#Button2020 takeaways: Part 3

Nuggets of wisdom I took away from the keynotes (not comprehensive summaries)

Meredith Arthur: Collaborating with overthinkers

  • When you need to give uncomfortable pushback, to a superior for example, try posing it as a question. Not, “I don’t think we should do that because it will decrease our ability to hit our goal,” but rather, “Will doing that decrease our ability to hit our goal?” (Be genuinely interested in the collaboration and you won’t come off as passive-aggressive.)
  • Trust is core to successful collaboration and trust is built through vulnerability. Don’t let ego get in the way of sharing a part of yourself that can get you there. The thing you’re hiding that ends up getting awkward, may be the very thing to share because it’s what makes you unique and uniquely good at your job and will win you the trust of your collaborators.
  • Focus on what you CAN control.

Madeline Grdina: Design is obscenity

  • Conventions are contextual. It’s important for smooth UX to lean into conventions, but there is no single set of conventions. Depends on the digital (and non digital) world your users live in. What are THEY used to?
  • “Context” is the elephant in the room — so obvious, it’s overlooked. Don’t overlook context because it can be the difference between what you mean to say and what your readers hear.
  • Good design serves a purpose. Simple. But “What purpose?” is more complex. Is the purpose to communicate an affordance or a message? Or something else? There’s no right answer as to what the purpose should be, the question is whether that purpose is achieved. As users, we know whether the purpose has been achieved without articulating the purpose in the first place — when it’s been achieved, we consider it “good design” and when it hasn’t, “bad design”. We, users, reach that conclusion without needing to articulate the purpose, but as a designer, you do have to articulate it if you want to be able to achieve it.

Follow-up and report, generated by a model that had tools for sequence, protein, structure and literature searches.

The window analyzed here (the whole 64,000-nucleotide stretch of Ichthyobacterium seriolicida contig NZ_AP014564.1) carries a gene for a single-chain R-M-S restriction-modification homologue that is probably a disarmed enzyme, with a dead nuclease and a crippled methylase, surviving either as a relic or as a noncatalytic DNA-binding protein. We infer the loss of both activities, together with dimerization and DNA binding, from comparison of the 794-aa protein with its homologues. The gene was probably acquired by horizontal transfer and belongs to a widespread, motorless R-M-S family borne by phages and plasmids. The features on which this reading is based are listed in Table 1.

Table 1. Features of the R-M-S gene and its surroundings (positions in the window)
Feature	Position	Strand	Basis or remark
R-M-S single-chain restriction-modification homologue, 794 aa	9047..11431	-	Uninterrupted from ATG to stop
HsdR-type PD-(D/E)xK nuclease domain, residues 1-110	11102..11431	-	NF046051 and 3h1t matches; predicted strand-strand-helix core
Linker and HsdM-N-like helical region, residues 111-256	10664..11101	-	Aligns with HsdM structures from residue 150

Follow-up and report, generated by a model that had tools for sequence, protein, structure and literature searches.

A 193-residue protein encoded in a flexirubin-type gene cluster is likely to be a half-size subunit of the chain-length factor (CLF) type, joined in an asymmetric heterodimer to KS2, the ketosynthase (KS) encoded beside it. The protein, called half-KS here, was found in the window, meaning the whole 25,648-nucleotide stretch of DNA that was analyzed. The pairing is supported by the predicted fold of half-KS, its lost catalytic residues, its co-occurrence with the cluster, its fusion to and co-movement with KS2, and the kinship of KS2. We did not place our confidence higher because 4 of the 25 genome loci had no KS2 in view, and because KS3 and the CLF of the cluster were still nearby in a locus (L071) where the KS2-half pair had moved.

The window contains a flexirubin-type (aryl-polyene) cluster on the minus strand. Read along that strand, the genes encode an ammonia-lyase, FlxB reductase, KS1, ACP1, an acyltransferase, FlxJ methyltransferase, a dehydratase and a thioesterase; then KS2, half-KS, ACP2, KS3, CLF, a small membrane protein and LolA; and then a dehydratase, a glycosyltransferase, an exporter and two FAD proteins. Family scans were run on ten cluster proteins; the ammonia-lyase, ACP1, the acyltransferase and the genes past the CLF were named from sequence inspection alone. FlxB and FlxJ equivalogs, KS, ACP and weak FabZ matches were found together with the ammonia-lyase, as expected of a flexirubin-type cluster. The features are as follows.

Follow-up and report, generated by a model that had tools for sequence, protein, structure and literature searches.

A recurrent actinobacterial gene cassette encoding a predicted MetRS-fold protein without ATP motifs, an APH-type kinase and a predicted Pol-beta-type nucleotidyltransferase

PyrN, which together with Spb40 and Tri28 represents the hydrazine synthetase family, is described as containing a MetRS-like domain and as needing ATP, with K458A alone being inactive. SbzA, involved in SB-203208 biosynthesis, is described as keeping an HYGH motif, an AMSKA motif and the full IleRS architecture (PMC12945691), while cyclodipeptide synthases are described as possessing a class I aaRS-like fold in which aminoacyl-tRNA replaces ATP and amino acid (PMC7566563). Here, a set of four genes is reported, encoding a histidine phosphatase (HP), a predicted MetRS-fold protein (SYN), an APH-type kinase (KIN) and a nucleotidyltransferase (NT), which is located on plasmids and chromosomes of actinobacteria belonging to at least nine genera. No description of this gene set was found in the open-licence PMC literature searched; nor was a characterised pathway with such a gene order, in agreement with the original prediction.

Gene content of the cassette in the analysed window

Kevin Bui: Gaining trust

  • Build product content around honesty; users’ problems; and users’ expectations — if that requires more content, so be it.
  • Build product content with, not for, stakeholders, including being transparent about your whole process; and using data to reduce ambiguity in decision making.
  • As the content person, trust yourself: find a community for support; trust your gut and remember there is a reason you are the one doing what you do; and reflect/do “retros” (with yourself) on your past work to inform your future work and content practice.

Vivek Sri: How UX writing is standup comedy

  • Where comedy throws a punch that surprises you after the setup, UX writing should match expectations and not surprise.
  • To succeed, tap into what the audience is already feeling, both in comedy and in UX writing. But in comedy you’d exaggerate those feelings where in UX writing you’re going to comfort or empower or whatever your voice is.
  • You can be a critic or performer: the former is safe and a natural place to land after being in a field for a long time, but the latter is daring and means going outside your comfort zone, despite Imposter Syndrome, despite not being the most experienced out there, and it’s an outlook worth leaning into, regardless of your experience/seniority.

Chelsea Larsson: How to win over designers and influence engineers

  • Show strategy and impact to dispel myths about not being a strategic role and “anyone with a doc can do it”; show before and after — the what and the why, and the business value of the change.
  • Broken processes may be the result of not understanding our role/where we fit in a good process. It’s not malicious. It’s about collaborating to create a loop that creates synergy of all disciplines.